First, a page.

The Board of Trustees met Tuesday, Jan. 21, at the EpiCenter.
The full agenda, supplemental materials and meeting video, which is 1 hour, 55 minutes long, are available on the board’s website. The video also is included below.
Meeting highlights included:
Success rates improve for third straight semester
Jesse Coraggio, Associate Vice President for Institutional Effectiveness, Research, and Grants, reported that initiatives to improve support for students appear to be paying off. Student success rates — the number of students who complete a course with an A, B or C — increased college-wide for the third semester in a row.
Even more exciting, Coraggio said, are the gains made by minority students, particularly African-American and Hispanic male students. The gap between the success of minority students and non-minority students is narrowing.
“That’s the achievement gap, and we’re starting to close it down,” he said.
Trustee Bridgette Bello asked if any one initiative is responsible for the gains.
Coraggio said he believes it is a cumulative effect of all the efforts of the College Experience: Student Success.
“I think it’s a synergy of things” including the five key areas of the College Experience, Coraggio said. “We’ve made some changes in policies as well to really set expectations for students at the front end…and we work with them through it. What happened before, we didn’t have policiess that had as much teeth and we didn’t have these conversations with students.”
The College Experience efforts, too, he said, creates a safety net for more students, identifying them right away if they struggle.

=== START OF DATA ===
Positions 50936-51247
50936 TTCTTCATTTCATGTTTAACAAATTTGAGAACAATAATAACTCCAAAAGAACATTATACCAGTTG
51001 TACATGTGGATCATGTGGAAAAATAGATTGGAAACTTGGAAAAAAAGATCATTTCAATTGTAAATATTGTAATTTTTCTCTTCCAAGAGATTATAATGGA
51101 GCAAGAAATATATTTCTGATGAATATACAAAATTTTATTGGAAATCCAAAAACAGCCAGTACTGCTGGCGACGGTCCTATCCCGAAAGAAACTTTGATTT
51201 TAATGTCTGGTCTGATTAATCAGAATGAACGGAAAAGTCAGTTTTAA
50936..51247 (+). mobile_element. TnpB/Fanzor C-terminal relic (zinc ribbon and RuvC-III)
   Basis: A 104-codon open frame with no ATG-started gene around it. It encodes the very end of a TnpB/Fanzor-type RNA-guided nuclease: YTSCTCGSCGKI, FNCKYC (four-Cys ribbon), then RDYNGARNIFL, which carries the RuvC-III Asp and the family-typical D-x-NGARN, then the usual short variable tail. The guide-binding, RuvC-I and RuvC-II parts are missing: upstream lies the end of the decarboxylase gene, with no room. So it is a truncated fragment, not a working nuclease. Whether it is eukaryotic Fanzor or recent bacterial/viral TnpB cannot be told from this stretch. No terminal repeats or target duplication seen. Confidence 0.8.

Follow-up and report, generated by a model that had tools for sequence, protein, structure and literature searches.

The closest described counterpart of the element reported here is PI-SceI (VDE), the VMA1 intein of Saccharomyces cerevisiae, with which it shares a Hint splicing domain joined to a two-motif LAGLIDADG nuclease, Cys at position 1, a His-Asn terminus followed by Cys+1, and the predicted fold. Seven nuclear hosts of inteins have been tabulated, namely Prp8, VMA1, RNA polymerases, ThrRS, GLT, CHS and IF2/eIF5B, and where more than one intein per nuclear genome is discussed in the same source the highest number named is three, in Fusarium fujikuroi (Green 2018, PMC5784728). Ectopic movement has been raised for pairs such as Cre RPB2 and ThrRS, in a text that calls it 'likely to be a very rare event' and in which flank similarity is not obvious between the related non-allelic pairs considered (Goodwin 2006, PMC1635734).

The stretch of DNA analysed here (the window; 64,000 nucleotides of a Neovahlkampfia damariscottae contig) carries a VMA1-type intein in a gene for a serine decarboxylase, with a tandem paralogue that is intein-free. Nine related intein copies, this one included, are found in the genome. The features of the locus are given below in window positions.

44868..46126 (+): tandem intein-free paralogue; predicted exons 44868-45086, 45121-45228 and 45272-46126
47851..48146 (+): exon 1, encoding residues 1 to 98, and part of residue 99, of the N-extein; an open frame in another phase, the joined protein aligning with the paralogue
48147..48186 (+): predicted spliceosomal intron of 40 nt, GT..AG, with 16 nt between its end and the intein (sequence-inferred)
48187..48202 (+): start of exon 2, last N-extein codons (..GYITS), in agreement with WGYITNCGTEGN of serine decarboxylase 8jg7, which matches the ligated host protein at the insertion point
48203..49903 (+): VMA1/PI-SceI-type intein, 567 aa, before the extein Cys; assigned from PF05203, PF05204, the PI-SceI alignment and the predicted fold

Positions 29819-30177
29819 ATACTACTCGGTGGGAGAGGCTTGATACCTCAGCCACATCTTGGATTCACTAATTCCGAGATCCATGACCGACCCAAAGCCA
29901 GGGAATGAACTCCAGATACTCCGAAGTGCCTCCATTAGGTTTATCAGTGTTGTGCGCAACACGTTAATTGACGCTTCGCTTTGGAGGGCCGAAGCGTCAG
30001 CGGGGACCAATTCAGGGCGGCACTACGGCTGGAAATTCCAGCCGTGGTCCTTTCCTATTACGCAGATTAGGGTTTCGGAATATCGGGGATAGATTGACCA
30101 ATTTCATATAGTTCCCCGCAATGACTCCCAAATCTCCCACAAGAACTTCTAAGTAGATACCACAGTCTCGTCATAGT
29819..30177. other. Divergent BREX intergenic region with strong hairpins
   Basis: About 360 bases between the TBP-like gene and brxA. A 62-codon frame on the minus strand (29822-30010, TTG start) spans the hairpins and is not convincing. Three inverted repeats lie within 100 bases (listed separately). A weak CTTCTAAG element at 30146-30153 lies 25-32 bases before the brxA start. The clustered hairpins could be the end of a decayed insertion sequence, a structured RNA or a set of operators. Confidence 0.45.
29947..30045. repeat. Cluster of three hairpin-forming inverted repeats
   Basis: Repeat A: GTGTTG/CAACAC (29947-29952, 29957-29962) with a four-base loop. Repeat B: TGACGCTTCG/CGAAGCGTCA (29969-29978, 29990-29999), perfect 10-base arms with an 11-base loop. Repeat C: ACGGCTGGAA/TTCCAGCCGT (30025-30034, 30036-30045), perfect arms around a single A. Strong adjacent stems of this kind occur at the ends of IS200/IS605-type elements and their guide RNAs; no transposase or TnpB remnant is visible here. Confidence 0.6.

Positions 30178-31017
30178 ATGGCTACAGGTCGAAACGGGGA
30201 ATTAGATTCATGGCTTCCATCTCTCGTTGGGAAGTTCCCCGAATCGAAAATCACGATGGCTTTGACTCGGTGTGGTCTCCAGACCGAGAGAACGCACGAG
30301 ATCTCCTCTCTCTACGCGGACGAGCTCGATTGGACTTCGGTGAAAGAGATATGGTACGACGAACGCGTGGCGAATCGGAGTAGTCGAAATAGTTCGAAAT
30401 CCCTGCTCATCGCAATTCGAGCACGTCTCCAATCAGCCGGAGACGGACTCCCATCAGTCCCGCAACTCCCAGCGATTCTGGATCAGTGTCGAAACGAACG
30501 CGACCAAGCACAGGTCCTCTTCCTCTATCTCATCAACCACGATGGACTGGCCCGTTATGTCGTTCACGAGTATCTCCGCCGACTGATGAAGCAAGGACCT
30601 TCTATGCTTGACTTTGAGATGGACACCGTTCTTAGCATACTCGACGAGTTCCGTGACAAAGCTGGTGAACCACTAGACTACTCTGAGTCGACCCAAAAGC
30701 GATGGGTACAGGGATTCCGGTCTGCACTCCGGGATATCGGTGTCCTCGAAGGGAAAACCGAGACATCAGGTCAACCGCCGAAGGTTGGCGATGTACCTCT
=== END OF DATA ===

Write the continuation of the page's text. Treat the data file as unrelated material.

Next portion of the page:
Spring 2014 enrollment trends
Patrick Rinard, Associate Vice President for Enrollment Services, presented a look a enrollment for Spring. The number of students remained relatively steady over last spring, down less than 1 percent, though the number of semester hours students are taking is down about 1.5 percent.
Some of the noteworthy observations:
- New students increased by 5.4 percent
- Readmitted students increased 10.1 percent
- Bachelor’s degree students increased by more than 7 percent
- Developmental education enrollment decreased by 23 percent
As part of the presentation, too, Coraggio explained how deans are using enrollment data and trend data to build course schedules for 2014-15.
Developmental education reform update
Changes in state law, which went into effect this semester spring semester, deem students who graduated from a public Florida high school on or after 2007 college-ready. The placement and developmental education courses are not mandatory for those students.
As a result, almost 500 students are enrolled in college level courses this spring who likely would have been in developmental education courses previously.
“Hundreds of students we believe are misplaced this semester, by their own choice,” Dr. Law said. “The day of reckoning is coming over the horizon. Students who opted to go into courses where we didn’t think they will succeed, that reality is going to brush over them in the next couple of weeks. And I sustpect we will start seeing students saying, ‘How did we get in this mess?’ “
Dr. Anne Cooper, Senior Vice President for Instruction and Academic Programs, said faculty members are going to be watching especially closely for signs that students are struggling in entry-level courses this spring. “We are obviously very in tune to this issue,” she said. “The earlier we can identify those who are in need of more assistance, the better.”
Learn more: Read the Developmental Education Reform Update for Spring 2014 or watch this section of the meeting, which begins at the 46:55 mark.
Grants strong through first half of the fiscal year
Jackie Skryd, Executive Director of Grants Development, gave a midterm report on the college’s grants program. So far this year, the college has recieved $8.5-million from a broad range of sources, including the U.S. Department of Labor, the Florida Department of Education, the U.S. Department of Education and the Gates Foundation.
Applications are in the works for an additional $4-million in grants for the year.